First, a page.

Tax Court Extends Implied Waiver of Privilege to Taxpayers’ State of Mind Penalty Defense

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In Depth

The U.S. Tax Court concludes in AD Investment 2000 Fund LLC v. Commissioner that a taxpayer’s assertion of a state of mind penalty defense waives the attorney-client privilege with respect to tax opinions provided to the taxpayer in advance of filing the taxpayer return, even if the taxpayer explicitly disclaims reliance on the tax opinions.

It is well established that there is an implied waiver of the attorney-client privilege with respect to a tax opinion letter if the taxpayer relies on the opinion letter in defense of an asserted tax penalty. In AD Investment 2000 Fund LLC v. Commissioner, 142 T.C. No. 13 (April 16, 2014), the U.S. Tax Court extended the implied waiver doctrine to apply when a taxpayer asserts a penalty defense based on the taxpayer’s belief or state of mind, even if the taxpayer explicitly disclaims reliance on the opinion.


AD Investment 2000 Fund LLC (AD Investment) involved consolidated partnership-level proceedings for tax year 2000 with respect to Son of Boss transactions. Son of Boss transactions are Internal Revenue Service (IRS) listed transactions that have been the subject of widespread litigation and a nationwide IRS settlement program. In addition to challenging the tax treatment of the underlying transactions, the IRS asserted penalties attributable to: (1) substantial understatement of income tax; (2) gross valuation misstatement; and (3) negligence or disregard of rules and regulations. The taxpayers are contesting the substantive tax adjustments and the penalty determinations.

The issue addressed by the Tax Court was whether the taxpayers were required to turn over six opinion letters received from their outside tax advisor. The taxpayers argued that the letters were privileged attorney-client communications. The IRS did not contest that the opinions were privileged communications. But the IRS contended that the taxpayers had waived privilege by asserting affirmative defenses based on the taxpayers’ belief or state of mind.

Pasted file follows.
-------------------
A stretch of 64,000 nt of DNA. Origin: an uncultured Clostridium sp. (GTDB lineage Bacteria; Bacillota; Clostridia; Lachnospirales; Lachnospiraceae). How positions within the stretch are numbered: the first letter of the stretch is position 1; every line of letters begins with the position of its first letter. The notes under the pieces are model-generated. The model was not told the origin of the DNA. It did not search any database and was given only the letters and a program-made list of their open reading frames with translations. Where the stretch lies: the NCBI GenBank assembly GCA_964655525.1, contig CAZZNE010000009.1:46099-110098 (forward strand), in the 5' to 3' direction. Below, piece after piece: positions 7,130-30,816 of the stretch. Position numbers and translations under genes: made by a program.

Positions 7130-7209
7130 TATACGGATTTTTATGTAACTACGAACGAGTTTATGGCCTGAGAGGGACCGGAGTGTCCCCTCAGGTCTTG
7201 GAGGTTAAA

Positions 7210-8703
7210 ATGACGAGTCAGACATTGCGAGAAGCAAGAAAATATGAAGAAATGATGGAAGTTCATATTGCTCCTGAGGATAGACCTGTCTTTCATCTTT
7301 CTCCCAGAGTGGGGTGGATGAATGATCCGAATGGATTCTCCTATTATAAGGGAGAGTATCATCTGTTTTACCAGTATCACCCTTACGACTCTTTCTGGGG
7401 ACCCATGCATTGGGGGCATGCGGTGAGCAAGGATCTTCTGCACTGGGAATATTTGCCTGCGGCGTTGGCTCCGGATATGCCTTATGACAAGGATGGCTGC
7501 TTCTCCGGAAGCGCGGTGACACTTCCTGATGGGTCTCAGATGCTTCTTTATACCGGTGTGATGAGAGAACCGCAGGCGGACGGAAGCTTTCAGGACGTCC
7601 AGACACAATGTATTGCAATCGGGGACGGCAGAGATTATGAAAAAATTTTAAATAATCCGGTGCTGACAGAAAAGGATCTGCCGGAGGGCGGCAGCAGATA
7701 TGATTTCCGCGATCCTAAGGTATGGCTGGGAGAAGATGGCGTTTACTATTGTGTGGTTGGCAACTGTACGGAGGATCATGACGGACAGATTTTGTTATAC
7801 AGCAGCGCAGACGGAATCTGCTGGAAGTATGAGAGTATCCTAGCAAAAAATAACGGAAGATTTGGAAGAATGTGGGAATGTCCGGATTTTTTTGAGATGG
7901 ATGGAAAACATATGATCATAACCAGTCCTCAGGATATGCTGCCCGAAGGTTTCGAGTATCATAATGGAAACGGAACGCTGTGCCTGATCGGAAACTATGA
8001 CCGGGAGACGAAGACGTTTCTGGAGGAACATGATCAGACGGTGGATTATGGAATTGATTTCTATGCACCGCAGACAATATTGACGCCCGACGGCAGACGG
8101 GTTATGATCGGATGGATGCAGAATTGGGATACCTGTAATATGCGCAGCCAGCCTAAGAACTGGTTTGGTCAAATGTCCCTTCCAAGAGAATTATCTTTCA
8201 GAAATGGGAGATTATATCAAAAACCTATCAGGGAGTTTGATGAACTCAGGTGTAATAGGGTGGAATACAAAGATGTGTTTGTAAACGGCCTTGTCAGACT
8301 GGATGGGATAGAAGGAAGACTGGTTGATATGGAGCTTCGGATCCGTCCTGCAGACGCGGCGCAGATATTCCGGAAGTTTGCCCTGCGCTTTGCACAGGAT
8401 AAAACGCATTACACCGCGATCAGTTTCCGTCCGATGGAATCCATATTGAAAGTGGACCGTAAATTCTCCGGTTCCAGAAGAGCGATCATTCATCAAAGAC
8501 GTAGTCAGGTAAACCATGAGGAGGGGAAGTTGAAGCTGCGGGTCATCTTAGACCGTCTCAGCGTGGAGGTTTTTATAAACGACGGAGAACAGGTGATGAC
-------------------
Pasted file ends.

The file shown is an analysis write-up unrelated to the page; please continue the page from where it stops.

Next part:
Specifically, in defense to the assertion of a substantial understatement penalty, the noncorporate taxpayers contended that even assuming that the transaction was a “tax shelter” as defined in Internal Revenue Code (IRC) section 6662(d)(2)(C), (1) there was substantial authority for their position and (2) the taxpayers “reasonably believed” that the tax treatment was more likely than not correct. See Treas. Reg. §1.6662-4(g)(4). In defense to all three of the asserted accuracy-related penalties, the taxpayers also relied on the “reasonable cause” exception under which a penalty would not be imposed if an underpayment were due to reasonable cause and the taxpayer acted in good faith. See Treas. Reg. §1.6664-4(f).

Typically, taxpayers that assert reasonable belief or reasonable cause defenses rely, at least in part, on tax opinions they have received from outside tax advisers. In such cases, the law is clear that assertion of these defenses waives privilege with respect to the tax opinion. However, in this case, although the tax opinions were received before the tax returns were filed, the taxpayers asserted that they had made their own independent analysis of the transactions. They specifically disclaimed reliance on outside counsel’s opinions.

The commissioner argued that even if there was no reliance on the tax opinions, putting the taxpayers’ state of mind in issue waived privilege because the content of the opinions was relevant to the taxpayers’ state of mind. In support of its position, the commissioner cited Johnston v. Commissioner, a 2002 Tax Court case that applied the three-factor test for implied waiver first described in Hearn v. Rhay, 68 F.R.D. 574 (E.D. Wash. 1975). Under the Hearn test, there is implied waiver if: (1) assertion of privilege was the result of an affirmative act by the party asserting privilege; (2) through the affirmative act, the asserting party put the protected information in issue by making it relevant to the case; and (3) application of the privilege would have denied vital information to the opposing party. The commissioner noted that the Hearn test has been endorsed by the U.S. Court of Appeals for the District of Columbia Circuit (D.C. Circuit).